(Mulhouse 1656 - Zerbst 1696)
Death and the Scholar
Signed Andr Bodan at the lower left.
448 x 295 mm. (17 5/8 x 11 5/8 in.)
Among the very few other known drawings by Bodan is an early double-sided sheet with a youthful self-portrait, dated 1674, which was once in the collection of Tobias Christ in Basel, while a pen and wash drawing of a Fortune Teller, signed and dated ‘A. Bodan Roma 1677’ was formerly in the Christian Humann collection and appeared at auction in New York in 1982. A signed pen drawing of Susannah and the Elders, sold at auction in Germany in 2004, is now in a private collection in Augsburg.
This drawing bears the small collector’s mark of Boguslaw Jolles (d.1912), who was active in Dresden and Vienna in the last quarter of the 19th century. He began collecting drawings in the 1870s and continued to add to his collection over the next two decades.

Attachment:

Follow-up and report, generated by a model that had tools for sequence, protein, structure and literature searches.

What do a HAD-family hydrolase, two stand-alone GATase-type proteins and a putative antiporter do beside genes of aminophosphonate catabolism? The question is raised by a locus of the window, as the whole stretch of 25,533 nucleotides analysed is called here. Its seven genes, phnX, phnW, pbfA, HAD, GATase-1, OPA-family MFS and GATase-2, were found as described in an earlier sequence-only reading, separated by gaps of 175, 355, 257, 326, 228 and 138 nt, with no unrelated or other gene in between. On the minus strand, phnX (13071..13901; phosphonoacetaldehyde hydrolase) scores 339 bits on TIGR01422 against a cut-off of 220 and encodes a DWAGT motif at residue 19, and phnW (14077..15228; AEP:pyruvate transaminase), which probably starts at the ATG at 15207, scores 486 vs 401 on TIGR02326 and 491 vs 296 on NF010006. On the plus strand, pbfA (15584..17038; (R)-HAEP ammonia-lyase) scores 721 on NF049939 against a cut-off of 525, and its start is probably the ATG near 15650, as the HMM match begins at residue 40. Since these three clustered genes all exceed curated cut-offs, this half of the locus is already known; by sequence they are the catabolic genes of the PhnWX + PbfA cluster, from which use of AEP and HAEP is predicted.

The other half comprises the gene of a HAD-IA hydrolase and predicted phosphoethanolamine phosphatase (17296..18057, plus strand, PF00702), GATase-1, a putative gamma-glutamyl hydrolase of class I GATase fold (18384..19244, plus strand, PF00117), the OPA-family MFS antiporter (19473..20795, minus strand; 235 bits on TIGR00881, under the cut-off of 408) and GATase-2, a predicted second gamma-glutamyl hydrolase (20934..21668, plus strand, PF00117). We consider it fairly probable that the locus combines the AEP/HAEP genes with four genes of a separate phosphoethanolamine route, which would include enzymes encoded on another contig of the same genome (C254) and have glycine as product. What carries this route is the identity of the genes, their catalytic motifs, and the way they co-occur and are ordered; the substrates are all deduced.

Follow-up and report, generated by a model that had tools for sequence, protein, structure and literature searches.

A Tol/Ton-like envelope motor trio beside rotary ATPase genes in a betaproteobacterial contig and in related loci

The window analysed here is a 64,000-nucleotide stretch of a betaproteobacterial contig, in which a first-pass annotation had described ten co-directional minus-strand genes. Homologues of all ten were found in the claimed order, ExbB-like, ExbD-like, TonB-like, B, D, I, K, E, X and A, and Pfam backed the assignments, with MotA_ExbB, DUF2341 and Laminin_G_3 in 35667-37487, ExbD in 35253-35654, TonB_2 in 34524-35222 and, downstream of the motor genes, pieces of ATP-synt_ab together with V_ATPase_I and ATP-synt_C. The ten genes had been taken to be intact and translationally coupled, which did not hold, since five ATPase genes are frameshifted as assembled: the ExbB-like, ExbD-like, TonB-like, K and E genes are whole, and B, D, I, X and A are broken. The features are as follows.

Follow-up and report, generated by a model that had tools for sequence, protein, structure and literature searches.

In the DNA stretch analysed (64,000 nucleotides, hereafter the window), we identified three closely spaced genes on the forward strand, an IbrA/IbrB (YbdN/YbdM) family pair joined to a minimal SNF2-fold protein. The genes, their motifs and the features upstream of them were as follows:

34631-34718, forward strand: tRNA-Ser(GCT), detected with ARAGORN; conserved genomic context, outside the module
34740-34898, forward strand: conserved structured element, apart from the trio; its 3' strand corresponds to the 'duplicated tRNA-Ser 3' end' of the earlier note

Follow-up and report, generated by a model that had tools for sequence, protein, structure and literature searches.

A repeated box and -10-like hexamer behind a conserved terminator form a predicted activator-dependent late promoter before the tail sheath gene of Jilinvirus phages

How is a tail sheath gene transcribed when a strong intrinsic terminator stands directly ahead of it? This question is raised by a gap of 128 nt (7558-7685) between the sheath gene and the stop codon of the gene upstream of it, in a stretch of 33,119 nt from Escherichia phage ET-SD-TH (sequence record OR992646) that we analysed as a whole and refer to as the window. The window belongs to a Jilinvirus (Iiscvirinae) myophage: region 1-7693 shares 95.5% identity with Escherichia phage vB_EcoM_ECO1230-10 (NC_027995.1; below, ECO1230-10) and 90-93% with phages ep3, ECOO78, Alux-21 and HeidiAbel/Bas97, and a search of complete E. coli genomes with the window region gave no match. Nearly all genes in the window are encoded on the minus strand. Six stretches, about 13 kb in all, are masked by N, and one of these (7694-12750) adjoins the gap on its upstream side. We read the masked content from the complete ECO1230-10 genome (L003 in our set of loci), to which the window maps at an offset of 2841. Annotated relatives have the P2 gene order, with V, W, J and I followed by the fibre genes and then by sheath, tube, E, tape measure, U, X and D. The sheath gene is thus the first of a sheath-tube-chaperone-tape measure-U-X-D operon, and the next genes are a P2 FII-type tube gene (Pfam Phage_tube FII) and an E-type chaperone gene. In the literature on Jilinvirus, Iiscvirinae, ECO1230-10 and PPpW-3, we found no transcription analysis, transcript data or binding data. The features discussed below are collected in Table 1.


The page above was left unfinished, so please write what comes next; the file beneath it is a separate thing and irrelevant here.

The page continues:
Born into a family of painters from Mulhouse in Alsace, Andreas Bodan trained with his brother Hans-Conrad, and later with Hans Rudolf Werenfels in Basel. Among his first significant commissions was an Allegory of Justice for the Hôtel de Ville in Mulhouse, painted in 1676 and incorporating the artist’s self-portrait. Bodan travelled to Italy, where he spent time in Rome, Naples and Sicily, and also visited Malta. He was later appointed court painter to the Duke of Saxony, Hans Ludwig von Anhalt, in Zerbst, where he died in 1696 at the age of just forty.
His sale, Munich, Hugo Helbing, 28-31 October 1895, lot 726 (as ‘André Joseph Bodem’: ‘Unter einem Säulenbogen eines Prunkbaues eine männliche Figur vor einem Skelette stehend. Bezeichnet: >>Andr. Bodem<<. H.45, B.29.6 cm. Kräftige Feder- und Bisterzeichnung.’)
Hill-Stone Ltd., New York, in 1999